(This does raise long term issues about encrypted SNI support for our users, but perhaps in the long term people will come up with answers. Hopefully ones that don't involve DNSSEC.)

Comments on this page:

IMHO I think it is a good idea to start offering DoH and DoT on internal recursive servers because the more places that have it, the more likely that software makers and OSes will will point to it. One claimed problem that is causing Mozilla to override OS defaults is that they say no one is doing anything to help move encrypted DNS forward, so they've deigned it necessary to take matters into their own hands.

There are proxies (packages available) that all one to add the functionality without changing / reconfiguring software:

A good talk and a panel discussion on DNS over HTTPS considerations:

With regards to blocking "", note that this will break DNSSEC.

The normal path for a DNS lookup is "." -> net -> use-application-dns. At every "->" the NS records are sent over, and these are signed.

So when the "." replies back with the NS records on where to talk to "net", and they also have an RRSIG. And when "net" send over the NS records on how to talk to "use-application-dns", they are also signed—but those are now taken over and an NXDOMAIN is faked. But there is no signature on that response (or more properly there is no NSEC(3)).

So one can either have proper DNSSEC validation or block DoH, but not both.

What Mozilla should have probably done is use a host record; something like (say) This way you're not breaking the DNSSEC response of going from net to application-dns. Further, there could have been things like "use-doh" and "use-dot" so that DNS operators could signal the use (or not) of teach of those protocols.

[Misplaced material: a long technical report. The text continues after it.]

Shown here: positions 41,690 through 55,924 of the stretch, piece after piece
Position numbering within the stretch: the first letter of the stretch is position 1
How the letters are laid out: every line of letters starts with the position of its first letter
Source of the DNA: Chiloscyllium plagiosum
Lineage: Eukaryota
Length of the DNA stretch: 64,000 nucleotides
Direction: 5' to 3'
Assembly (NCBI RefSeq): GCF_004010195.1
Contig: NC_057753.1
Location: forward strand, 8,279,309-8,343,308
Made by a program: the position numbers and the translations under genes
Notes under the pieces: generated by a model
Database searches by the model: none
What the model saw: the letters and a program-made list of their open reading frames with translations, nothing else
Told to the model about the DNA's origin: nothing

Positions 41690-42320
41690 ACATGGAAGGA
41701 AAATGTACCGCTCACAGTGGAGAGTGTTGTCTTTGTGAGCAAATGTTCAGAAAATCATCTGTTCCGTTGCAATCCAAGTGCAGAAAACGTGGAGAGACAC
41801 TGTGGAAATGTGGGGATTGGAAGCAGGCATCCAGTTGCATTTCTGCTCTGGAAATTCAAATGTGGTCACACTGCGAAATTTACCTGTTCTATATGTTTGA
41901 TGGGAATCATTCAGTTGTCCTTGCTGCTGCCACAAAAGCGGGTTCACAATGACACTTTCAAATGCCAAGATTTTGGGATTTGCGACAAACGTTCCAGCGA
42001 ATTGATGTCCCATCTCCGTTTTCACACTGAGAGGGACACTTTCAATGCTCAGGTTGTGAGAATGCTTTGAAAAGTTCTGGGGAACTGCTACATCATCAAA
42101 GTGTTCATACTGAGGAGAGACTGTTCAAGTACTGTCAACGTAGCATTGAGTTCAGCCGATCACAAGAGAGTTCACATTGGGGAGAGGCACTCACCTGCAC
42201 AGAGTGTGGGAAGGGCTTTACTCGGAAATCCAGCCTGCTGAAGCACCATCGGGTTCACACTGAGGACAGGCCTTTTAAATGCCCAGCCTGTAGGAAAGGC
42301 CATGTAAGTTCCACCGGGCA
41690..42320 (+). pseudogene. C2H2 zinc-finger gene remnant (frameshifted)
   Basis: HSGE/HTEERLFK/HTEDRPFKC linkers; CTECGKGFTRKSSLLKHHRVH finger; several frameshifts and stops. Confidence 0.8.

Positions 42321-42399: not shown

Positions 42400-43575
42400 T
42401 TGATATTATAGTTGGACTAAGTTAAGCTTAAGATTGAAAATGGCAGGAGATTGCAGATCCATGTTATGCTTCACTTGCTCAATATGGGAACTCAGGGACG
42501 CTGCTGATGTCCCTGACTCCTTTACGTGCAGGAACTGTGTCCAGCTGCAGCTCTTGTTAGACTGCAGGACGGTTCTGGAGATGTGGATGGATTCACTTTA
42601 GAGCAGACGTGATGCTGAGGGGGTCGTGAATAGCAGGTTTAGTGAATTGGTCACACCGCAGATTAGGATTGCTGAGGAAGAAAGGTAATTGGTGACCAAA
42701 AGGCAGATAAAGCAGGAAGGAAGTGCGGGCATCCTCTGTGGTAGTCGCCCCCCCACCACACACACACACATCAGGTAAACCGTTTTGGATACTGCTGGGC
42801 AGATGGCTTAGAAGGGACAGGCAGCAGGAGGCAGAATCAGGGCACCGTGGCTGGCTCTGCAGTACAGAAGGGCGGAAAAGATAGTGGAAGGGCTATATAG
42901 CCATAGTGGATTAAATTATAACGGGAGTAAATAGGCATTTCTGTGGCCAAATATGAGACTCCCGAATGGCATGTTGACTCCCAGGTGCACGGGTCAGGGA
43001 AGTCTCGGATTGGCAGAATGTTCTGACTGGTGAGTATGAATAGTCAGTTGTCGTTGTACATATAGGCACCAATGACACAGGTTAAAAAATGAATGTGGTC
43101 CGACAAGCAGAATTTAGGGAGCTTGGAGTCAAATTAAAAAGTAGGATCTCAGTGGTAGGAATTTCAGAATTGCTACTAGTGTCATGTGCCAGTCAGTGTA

It would have been nice if Mozilla talk to the DNS folks (e.g., DNS-OARC), but there is no evidence that they did AFAICT.

By cks at 2019-09-19 16:17:55:

The problem I see with supporting DoH and/or DoT on our internal resolvers is that as far as I know, there's no way to advertise support for it in a way that lets it be automatically configured and de-configured as people move between networks. It's routine for people here to migrate machines between our networks and other ones, so that has to work seamlessly. If it requires manual work to switch to our DoH server and then switch away again, approximately no one will do it and we might as well not implement it.

As far as DNSSEC goes, we are very unlikely to enable it on our internal resolvers after my experiences with it on my own machines. The very last thing we want is for our users to run into mysteriously unresolvable DNS names. Breaking DNSSEC for the canary domain is not a problem.

There is a draft available for bootstrapping/discovering DoT and DoH servers:

In the short term I think that OSes will simply take what's given from DHCP or in resolv.conf(5) and simply try to connect securely.

Written on 18 September 2019.
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Last modified: Wed Sep 18 23:37:31 2019